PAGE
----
Progressive Conservative Gatineau—La Lièvre Claudy Mailly 1984 Mark Assad  Liberal
 Progressive Conservative Lasalle (contested LaSalle—Émard) Claude Lanthier 1984 Paul Martin  Liberal
 Progressive Conservative Charlevoix (contested Laurier—Sainte-Marie) Charles Hamelin 1984 Jean-Claude Malepart  Liberal
 Progressive Conservative Essex-Kent James Eber Caldwell 1984 Jerry Pickard  Liberal
 Progressive Conservative Etobicoke North Bob Pennock 1984 Roy MacLaren  Liberal
 Progressive Conservative Haldimand—Norfolk Bud Bradley 1979 Bob Speller  Liberal
 Progressive Conservative Hamilton West Peter Peterson 1984 Stan Keyes  Liberal
 Progressive Conservative Kent Elliott Hardey 1984 Rex Crawford  Liberal
 Progressive Conservative Kingston and the Islands Flora MacDonald 1972 Peter Milliken  Liberal
 Progressive Conservative Lambton—Middlesex Sidney Fraleigh 1984 Ralph Ferguson  Liberal
 Progressive Conservative Leeds—Grenville Jennifer Cossitt 1982 by-election Jim Jordan  Liberal
 Progressive Conservative London East Jim Jepson 1984 Joe Fontana  Liberal
 Progressive Conservative Nepean—Carleton (contested Nepean) William Tupper 1984 Beryl Gaffney  Liberal
 Progressive Conservative Nipissing Moe Mantha Sr. 1984 Bob Wood  Liberal
 Progressive Conservative Ottawa—Carleton (contested Ottawa South) Barry Turner 1984 John Manley  Liberal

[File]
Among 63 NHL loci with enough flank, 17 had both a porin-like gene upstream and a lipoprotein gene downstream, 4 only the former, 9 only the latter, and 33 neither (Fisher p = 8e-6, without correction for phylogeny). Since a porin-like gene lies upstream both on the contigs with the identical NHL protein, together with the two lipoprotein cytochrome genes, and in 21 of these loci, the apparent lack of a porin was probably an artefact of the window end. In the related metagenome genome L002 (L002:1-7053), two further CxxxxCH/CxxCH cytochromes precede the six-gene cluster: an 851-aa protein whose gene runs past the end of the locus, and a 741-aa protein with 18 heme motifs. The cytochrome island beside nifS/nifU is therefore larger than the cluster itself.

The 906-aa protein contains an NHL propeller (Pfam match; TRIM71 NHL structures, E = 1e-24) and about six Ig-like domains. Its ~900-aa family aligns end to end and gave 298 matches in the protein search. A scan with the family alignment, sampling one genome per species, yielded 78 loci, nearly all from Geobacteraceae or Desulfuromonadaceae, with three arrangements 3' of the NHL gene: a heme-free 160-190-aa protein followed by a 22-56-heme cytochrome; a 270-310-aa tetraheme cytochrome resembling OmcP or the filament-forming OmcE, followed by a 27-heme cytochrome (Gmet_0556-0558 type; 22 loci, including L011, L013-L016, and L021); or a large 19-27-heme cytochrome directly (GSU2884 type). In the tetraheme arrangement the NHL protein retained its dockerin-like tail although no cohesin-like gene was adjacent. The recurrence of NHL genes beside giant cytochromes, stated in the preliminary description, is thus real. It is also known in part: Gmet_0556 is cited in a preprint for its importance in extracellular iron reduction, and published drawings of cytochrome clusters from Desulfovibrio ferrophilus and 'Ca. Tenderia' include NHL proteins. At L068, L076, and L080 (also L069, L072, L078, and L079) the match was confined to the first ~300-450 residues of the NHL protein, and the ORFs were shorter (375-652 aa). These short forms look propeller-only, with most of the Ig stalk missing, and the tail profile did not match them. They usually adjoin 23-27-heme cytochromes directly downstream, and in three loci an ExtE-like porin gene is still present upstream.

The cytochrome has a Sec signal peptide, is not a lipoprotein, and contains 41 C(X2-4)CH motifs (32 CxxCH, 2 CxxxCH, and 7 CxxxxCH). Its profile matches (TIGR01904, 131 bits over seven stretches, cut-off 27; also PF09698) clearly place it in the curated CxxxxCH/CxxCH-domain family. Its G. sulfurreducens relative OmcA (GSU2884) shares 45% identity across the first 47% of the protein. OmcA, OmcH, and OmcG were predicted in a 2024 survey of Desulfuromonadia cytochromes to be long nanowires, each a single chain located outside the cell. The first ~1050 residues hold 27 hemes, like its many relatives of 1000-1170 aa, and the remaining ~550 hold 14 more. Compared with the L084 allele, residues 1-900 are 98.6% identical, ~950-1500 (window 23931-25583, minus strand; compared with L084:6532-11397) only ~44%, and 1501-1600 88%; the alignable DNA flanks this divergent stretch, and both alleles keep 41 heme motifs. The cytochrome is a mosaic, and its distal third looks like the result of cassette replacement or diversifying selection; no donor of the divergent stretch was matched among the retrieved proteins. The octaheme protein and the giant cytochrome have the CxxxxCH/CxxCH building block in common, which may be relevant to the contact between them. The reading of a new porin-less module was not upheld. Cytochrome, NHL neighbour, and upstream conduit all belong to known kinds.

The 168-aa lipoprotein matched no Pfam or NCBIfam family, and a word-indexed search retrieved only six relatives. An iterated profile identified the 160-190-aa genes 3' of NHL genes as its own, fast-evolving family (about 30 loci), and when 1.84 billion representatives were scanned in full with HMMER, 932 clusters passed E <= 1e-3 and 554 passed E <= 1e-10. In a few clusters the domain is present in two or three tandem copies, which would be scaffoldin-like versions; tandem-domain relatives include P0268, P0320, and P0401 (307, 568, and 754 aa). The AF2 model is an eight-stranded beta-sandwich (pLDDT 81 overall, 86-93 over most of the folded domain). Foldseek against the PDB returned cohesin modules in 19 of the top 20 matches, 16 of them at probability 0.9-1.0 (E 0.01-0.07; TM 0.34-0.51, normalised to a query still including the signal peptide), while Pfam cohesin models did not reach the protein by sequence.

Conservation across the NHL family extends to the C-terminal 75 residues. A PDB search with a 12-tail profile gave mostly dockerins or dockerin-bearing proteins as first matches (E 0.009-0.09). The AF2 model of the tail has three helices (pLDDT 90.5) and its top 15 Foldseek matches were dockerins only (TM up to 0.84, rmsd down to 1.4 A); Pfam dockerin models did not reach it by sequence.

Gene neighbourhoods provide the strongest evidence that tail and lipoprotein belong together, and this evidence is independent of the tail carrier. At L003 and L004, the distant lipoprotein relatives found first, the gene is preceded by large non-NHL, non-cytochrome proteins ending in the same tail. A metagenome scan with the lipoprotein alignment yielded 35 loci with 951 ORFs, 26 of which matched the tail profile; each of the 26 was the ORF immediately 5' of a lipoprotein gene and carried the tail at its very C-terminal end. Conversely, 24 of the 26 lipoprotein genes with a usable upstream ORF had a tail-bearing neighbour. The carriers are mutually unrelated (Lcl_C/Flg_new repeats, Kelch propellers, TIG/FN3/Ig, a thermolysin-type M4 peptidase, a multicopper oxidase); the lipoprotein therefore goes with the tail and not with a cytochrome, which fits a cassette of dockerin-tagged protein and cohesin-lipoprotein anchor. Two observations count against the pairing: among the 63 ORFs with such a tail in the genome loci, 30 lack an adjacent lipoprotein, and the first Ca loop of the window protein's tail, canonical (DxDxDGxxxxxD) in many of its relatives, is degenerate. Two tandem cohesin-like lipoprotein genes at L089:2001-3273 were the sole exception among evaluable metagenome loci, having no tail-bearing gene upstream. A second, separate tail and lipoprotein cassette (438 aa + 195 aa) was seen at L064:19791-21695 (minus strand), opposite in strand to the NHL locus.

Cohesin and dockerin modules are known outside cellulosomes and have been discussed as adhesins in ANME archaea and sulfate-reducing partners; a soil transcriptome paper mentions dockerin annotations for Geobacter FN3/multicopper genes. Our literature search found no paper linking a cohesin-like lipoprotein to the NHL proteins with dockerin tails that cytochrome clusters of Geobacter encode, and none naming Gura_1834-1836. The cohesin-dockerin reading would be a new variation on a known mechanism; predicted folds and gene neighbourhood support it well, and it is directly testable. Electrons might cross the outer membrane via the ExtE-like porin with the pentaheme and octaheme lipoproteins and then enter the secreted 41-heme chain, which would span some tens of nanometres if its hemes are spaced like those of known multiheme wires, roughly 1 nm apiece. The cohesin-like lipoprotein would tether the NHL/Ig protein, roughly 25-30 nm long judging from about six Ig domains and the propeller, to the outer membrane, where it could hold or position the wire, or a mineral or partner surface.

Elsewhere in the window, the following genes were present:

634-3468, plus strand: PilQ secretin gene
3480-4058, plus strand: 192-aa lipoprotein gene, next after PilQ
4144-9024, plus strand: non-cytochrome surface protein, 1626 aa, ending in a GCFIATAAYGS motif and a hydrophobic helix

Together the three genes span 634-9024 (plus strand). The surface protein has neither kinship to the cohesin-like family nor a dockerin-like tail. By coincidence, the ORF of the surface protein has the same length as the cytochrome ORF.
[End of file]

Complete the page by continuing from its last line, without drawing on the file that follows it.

Progressive Conservative Ottawa West David Daubney 1984 Marlene Catterall  Liberal
 Progressive Conservative Parkdale—High Park Andrew Witer 1984 Jesse Flis  Liberal
 Progressive Conservative Sault Ste. Marie Jim Kelleher 1984 Steve Butland  New Democratic
 Progressive Conservative Scarborough West Reg Stackhouse 1984 Tom Wappel  Liberal
 Progressive Conservative York—Scarborough (contested Scarborough—Agincourt) Paul McCrossan 1984 Jim Karygiannis  Liberal
 Progressive Conservative Timmins—Chapleau Aurèle Gervais 1984 Cid Samson  New Democratic
 Progressive Conservative Welland (contested Welland—St. Catharines—Thorold) Allan Pietz 1984 Gilbert Parent  Liberal
 Progressive Conservative Willowdale John Oostrom 1984 Jim Peterson  Liberal
 Progressive Conservative Saint Boniface Léo Duguay 1984 Ron Duhamel  Liberal
 Progressive Conservative Mackenzie Jack Scowen 1984 Vic Althouse  New Democratic
 Progressive Conservative Saskatoon West (contested Saskatoon—Clark's Crossing) Ray Hnatyshyn 1974 Chris Axworthy  New Democratic
 Progressive Conservative The Battlefords—Meadow Lake John Kenneth Gormley 1984 Len Taylor  New Democratic
 Progressive Conservative Edmonton East William Lesick 1984 Ross Harvey  New Democratic
 Progressive Conservative Kootenay East Stan Graham 1984 Sid Parker  New Democratic
 Progressive Conservative Kootenay West (contested Kootenay West—Revelstoke) Robert Brisco 1984 (1974) Lyle Kristiansen  New Democratic
 Progressive Conservative Mission—Port Moody (contested Mission—Coquitlam) Gerry St. Germain 1983 by-election Joy Langan  New Democratic
 Progressive Conservative Nanaimo—Alberni (contested Nanaimo—Cowichan) Ted Schellenberg 1984 David Stupich  New Democratic
 Progressive Conservative Okanagan—Similkameen (contested Okanagan—Similkameen—Merritt) Fred King 1979 Jack Whittaker  New Democratic
 Progressive Conservative Esquimalt—Saanich (contested Saanich—Gulf Islands) Patrick Crofton 1984 Lynn Hunter  New Democratic